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Steele v. Capital One Home Loans, LLC

United States District Court, W.D. North Carolina, Charlotte Division

July 30, 2014

CURTIS STEELE and YOLANDA HARRINGTON, Plaintiffs,
v.
CAPITAL ONE HOME LOANS, LLC, et. al., Defendants.

ORDER

ROBERT J. CONRAD, Jr., District Judge.

THIS MATTER comes before the Court on Magistrate's Memorandum and Recommendation (M&R), (Doc. 41), the Defendants' Motions to Dismiss, (Docs. 20, 26, 27), and Plaintiffs' responses, (Docs. 30, 31, 40, 50). It is now ripe for review.

I. BACKGROUND

Plaintiffs Curtis Steele and Yolanda Harrington, proceeding pro se, allege ten causes of action against Defendants for an improper transfer of notes on Plaintiffs' loans into a "Common Law Trust." (Doc. 1-1). In general terms, Plaintiffs challenge the legality of the process of securitizing loans. Additionally, Plaintiffs contest the title and ownership of the property in question, seeking damages, rescission, declaratory judgment and injunctive relief. (Id.)

Plaintiffs allege that the first loan was obtained from Defendant Capital One Home Loans, LLC on April 12, 2005, in the amount of $135, 000, and was secured by a Deed of Trust on Plaintiffs' home (Property) in Charlotte, North Carolina. (Id.) The second loan was obtained on June 29, 2005, from Defendant HSBC Finance Corporation in the amount of $918, 850, 000.00[1], and was also allegedly secured by a promissory note and deed of trust. (Id.) The notes were then transferred improperly into a trust, thereby preventing Defendants from having a perfected title to the Property. (Id.; Doc. 41). Plaintiffs also allege that Defendants Capital One and HSBC improperly qualified them for the loans. (Doc. 41).

Plaintiffs' Complaint, filed on November 13, 2013, alleges the following: (1) Lack of Standing/Wrongful Foreclosure; (2) Fraud in Concealment; (3) Fraud in Inducement; (4) Intentional Infliction of Emotional Distress (IIED); (5) Slander of Title; (6) Quiet Title; (7) Declaratory Relief; (8) Truth in Lending Act (TILA) and the Home Ownership and Equity Protection Act ("HOEPA"), 15 U.S.C. § 1601 et seq.; (9) the Real Estate Settlement Procedures Act (RESPA), 12 U.S.C. sec 2601 et seq.; and, (10) Rescission. The matter was referred to the Magistrate Judge who recommended that Defendants' Motions to Dismiss be granted. Plaintiffs filed timely objections to the M&R.

II. STANDARD OF REVIEW

A party may file specific, written objections to a magistrate judge's M&R within fourteen days after being served with a copy of the recommended disposition. 28 U.S.C. § 636(b)(1); see FED. R. CIV. P. 72(b); see United States v. Midgette , 478 F.3d 616, 621 (4th Cir. 2007) (holding that "a party must object to the finding or recommendation on that issue with sufficient specificity so as reasonably to alert the district court of the true ground for the objection"). A district judge must conduct a de novo review of those portions of the report to which proper objections are made. 28 U.S.C. § 636(b)(1).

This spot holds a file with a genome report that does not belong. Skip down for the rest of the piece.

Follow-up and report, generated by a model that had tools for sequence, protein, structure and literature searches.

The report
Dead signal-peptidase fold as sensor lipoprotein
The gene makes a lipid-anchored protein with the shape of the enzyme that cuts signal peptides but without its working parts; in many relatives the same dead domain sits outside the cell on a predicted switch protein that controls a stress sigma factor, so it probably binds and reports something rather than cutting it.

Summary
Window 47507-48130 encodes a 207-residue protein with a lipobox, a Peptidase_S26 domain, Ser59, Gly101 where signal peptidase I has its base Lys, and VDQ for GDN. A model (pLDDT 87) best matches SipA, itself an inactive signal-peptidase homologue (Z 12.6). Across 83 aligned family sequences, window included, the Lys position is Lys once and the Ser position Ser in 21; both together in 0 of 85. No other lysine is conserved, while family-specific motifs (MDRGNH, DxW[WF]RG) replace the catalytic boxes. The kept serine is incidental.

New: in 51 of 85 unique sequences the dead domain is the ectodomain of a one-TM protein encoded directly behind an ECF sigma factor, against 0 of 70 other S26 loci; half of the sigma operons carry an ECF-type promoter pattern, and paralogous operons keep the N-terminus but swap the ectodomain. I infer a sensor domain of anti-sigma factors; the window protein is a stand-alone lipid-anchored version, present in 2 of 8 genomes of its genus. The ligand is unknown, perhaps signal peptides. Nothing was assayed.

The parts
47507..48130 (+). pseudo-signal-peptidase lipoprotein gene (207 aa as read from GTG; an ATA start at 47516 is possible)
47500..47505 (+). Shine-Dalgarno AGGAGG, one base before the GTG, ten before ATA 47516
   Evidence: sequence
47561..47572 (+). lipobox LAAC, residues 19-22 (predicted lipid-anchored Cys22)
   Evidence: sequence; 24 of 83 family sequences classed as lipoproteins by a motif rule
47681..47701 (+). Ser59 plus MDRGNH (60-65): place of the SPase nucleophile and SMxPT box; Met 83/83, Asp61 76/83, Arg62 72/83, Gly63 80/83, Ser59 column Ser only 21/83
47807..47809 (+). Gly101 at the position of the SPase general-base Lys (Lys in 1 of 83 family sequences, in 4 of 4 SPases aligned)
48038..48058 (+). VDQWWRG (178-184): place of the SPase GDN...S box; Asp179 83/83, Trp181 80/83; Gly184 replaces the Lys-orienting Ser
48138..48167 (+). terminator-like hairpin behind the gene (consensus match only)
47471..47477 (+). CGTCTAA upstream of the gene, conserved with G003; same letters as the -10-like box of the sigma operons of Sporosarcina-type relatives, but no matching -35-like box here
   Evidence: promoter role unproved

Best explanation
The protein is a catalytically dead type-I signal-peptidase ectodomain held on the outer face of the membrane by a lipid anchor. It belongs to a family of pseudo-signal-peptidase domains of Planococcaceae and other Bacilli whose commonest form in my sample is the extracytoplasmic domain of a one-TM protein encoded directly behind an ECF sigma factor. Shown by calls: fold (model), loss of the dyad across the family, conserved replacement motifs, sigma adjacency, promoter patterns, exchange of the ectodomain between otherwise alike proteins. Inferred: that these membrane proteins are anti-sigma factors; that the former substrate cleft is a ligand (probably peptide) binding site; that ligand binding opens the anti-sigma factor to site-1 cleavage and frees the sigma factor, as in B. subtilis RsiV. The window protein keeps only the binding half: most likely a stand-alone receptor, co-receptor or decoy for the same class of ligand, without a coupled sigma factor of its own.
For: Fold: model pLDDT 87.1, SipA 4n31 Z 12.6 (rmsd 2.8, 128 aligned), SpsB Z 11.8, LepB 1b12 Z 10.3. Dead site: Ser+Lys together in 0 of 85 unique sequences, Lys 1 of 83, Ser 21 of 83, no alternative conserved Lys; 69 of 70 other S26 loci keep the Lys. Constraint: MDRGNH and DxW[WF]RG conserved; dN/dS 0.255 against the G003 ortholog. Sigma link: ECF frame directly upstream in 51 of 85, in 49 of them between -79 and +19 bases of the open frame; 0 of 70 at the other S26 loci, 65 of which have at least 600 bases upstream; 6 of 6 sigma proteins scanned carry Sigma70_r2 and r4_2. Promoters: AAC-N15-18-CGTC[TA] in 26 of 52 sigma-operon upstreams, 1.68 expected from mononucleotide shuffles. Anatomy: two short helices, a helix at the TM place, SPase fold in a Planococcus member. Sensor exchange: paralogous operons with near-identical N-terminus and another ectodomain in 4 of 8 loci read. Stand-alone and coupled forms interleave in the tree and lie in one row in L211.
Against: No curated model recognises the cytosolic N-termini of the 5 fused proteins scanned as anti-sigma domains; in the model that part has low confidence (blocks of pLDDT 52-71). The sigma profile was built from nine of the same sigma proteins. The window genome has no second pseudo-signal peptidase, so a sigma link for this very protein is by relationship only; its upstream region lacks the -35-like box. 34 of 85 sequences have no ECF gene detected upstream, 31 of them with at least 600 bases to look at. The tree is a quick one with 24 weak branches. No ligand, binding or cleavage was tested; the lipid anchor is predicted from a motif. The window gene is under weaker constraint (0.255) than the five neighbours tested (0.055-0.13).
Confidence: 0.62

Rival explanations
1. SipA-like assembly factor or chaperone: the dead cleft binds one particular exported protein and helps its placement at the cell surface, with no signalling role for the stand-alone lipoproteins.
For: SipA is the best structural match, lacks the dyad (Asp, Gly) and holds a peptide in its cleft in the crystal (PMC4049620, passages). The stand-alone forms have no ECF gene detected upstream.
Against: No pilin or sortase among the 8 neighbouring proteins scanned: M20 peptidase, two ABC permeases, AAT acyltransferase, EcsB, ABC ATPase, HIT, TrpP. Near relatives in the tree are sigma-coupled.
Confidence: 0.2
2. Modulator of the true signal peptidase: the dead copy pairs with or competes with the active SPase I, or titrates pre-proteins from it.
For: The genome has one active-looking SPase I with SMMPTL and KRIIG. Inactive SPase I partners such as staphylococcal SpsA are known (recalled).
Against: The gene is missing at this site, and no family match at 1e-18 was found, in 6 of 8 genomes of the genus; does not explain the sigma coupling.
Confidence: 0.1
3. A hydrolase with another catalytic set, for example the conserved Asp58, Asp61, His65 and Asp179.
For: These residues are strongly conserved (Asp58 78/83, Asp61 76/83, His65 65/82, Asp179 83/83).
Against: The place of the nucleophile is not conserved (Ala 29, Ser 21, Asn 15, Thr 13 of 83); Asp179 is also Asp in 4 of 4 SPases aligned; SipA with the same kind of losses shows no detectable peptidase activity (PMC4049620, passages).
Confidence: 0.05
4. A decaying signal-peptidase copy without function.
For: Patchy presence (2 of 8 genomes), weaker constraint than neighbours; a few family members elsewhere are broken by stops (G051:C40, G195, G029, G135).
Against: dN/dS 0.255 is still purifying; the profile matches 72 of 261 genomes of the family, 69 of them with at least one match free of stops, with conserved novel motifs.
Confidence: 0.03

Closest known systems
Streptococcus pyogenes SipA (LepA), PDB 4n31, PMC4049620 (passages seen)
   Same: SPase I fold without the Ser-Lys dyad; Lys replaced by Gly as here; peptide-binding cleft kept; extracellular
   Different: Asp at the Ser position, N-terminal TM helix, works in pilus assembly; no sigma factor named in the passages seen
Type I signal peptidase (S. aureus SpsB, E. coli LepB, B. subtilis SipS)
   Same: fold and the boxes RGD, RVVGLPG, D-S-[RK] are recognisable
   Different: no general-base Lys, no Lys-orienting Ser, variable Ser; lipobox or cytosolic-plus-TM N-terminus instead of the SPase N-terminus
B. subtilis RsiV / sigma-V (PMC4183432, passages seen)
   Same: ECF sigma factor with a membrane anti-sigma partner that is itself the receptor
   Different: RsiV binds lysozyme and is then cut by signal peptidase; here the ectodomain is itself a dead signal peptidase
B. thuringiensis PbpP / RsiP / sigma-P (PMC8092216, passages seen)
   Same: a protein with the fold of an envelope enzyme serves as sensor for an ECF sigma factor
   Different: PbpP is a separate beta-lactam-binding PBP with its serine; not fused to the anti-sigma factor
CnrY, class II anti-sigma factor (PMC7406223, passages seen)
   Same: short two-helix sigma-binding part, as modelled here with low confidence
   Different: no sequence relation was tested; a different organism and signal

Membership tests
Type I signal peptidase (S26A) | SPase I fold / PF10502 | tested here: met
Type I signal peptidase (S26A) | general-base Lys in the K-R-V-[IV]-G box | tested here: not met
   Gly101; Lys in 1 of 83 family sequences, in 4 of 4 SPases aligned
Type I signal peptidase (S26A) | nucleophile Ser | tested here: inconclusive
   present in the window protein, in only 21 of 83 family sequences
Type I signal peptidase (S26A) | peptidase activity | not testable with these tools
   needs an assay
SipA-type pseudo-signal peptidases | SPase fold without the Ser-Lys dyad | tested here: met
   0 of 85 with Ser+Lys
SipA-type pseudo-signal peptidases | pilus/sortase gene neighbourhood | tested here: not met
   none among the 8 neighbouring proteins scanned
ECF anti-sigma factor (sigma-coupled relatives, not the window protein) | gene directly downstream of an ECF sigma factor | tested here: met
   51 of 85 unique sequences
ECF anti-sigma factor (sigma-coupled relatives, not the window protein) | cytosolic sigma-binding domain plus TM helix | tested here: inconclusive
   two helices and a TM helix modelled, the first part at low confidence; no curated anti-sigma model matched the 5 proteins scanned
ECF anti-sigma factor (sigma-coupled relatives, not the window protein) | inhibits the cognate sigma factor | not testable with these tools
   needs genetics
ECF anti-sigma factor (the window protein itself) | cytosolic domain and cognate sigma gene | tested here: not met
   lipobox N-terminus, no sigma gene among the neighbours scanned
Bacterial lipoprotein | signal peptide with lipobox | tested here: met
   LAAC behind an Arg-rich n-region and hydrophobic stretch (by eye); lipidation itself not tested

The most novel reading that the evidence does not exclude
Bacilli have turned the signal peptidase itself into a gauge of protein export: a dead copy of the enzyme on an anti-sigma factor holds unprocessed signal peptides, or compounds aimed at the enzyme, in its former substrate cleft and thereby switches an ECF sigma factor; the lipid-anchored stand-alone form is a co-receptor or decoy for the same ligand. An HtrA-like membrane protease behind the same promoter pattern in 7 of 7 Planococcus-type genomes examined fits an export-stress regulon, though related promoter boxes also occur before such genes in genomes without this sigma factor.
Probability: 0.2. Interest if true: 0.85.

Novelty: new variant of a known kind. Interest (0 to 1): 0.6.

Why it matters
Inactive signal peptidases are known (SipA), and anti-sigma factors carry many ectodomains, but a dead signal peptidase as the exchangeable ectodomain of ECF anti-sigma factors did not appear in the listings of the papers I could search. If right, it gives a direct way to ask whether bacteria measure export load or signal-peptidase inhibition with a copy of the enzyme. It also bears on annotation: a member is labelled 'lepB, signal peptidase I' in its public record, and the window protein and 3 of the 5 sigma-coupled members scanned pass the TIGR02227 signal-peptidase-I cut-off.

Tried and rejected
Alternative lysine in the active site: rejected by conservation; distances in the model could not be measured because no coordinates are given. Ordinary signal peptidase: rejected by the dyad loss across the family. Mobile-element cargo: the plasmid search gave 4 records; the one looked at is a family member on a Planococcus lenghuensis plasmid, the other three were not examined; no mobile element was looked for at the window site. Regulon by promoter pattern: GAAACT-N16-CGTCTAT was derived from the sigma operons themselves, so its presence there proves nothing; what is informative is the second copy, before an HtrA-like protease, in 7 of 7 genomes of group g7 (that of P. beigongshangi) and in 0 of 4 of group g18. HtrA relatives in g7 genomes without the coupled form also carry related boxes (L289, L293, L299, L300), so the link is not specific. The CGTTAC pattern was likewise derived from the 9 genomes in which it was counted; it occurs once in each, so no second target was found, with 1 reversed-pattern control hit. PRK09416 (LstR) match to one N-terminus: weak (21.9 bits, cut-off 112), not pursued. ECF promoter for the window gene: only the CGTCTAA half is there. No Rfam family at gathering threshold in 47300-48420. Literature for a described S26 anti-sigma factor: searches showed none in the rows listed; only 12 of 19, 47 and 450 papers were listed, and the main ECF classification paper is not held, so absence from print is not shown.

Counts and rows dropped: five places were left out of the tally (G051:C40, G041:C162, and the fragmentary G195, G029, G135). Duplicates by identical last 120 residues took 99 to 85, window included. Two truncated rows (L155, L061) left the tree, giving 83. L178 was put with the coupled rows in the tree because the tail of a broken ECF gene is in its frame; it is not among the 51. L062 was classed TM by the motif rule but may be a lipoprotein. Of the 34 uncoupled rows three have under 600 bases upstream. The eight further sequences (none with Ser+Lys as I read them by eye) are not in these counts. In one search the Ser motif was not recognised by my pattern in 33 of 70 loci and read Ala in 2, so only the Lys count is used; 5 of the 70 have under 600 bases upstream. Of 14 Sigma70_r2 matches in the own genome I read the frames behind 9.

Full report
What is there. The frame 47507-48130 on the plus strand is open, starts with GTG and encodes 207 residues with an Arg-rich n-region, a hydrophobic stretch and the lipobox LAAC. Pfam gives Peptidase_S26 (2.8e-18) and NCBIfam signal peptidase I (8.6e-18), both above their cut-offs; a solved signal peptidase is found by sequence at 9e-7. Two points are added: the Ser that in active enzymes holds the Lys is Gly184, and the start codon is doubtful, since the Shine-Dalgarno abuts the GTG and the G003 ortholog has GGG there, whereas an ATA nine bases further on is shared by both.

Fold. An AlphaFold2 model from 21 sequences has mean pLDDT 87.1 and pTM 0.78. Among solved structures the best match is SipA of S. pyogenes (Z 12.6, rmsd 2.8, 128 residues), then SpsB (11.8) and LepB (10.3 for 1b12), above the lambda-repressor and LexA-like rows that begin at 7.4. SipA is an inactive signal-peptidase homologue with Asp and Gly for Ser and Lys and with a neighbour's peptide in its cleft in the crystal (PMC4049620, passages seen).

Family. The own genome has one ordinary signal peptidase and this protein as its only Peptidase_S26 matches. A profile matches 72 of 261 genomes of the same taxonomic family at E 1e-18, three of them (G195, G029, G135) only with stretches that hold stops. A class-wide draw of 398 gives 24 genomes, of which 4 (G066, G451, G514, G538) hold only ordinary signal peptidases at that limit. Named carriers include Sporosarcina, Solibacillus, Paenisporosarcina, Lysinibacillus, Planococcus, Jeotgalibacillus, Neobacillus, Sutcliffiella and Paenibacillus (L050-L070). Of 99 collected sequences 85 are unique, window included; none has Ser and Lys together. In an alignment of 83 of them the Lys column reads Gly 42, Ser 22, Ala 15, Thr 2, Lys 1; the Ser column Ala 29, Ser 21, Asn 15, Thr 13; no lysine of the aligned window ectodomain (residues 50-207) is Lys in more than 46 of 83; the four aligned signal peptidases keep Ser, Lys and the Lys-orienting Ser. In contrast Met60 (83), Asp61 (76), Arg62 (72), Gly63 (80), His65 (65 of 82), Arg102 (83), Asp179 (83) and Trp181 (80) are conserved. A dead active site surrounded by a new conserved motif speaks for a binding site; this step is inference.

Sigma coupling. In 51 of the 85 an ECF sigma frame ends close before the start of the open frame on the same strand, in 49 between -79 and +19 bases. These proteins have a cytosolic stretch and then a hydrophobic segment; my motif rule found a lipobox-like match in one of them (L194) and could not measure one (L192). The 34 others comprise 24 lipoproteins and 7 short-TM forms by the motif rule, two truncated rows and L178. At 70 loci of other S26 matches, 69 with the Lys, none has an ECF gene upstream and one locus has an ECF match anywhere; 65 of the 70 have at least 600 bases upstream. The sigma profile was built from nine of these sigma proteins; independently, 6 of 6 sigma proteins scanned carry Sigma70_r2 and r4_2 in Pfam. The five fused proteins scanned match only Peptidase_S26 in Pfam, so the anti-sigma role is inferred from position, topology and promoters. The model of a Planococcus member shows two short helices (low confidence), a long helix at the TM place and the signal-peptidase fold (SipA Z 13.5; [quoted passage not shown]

In its review of a Rule 12(b)(6) motion, "the court should accept as true all well-pleaded allegations and should view the complaint in a light most favorable to the plaintiff." Mylan Labs, Inc. v. Matakari , 7 F.3d 1130, 1134 (4th Cir. 1993). The plaintiff's "[f]actual allegations must be enough to raise a right to relief above the speculative level." Bell Atl. Corp. v. Twombly , 550 U.S. 544, 545 (2007). "[O]nce a claim has been stated adequately, it may be supported by showing any set of facts consistent with the allegations in the complaint." Id. at 1969. A complaint attacked by a Rule 12(b)(6) motion to dismiss will survive if it contains "enough facts to state a claim to relief that is plausible on its face." Id. at 1974.

III. DISCUSSION

Plaintiffs' causes of action can be divided into three groupings: claims found by the Magistrate Judge to be time-barred, claims asserting Defendants lack standing to foreclose, and the remaining claim of IIED. The Court will analyze each grouping of claims in turn.

A. Matters Considered

In considering a 12(b)(6) motion, courts may consider exhibits such as contracts that are integral to and were relied upon in the complaint and whose authenticity is not in dispute. Blankeship v. Manchin , 471 F.3d 523, 525 n.1 (4th Cir. 2006). Here, Defendants have submitted relevant documents associated with the closing of the ...


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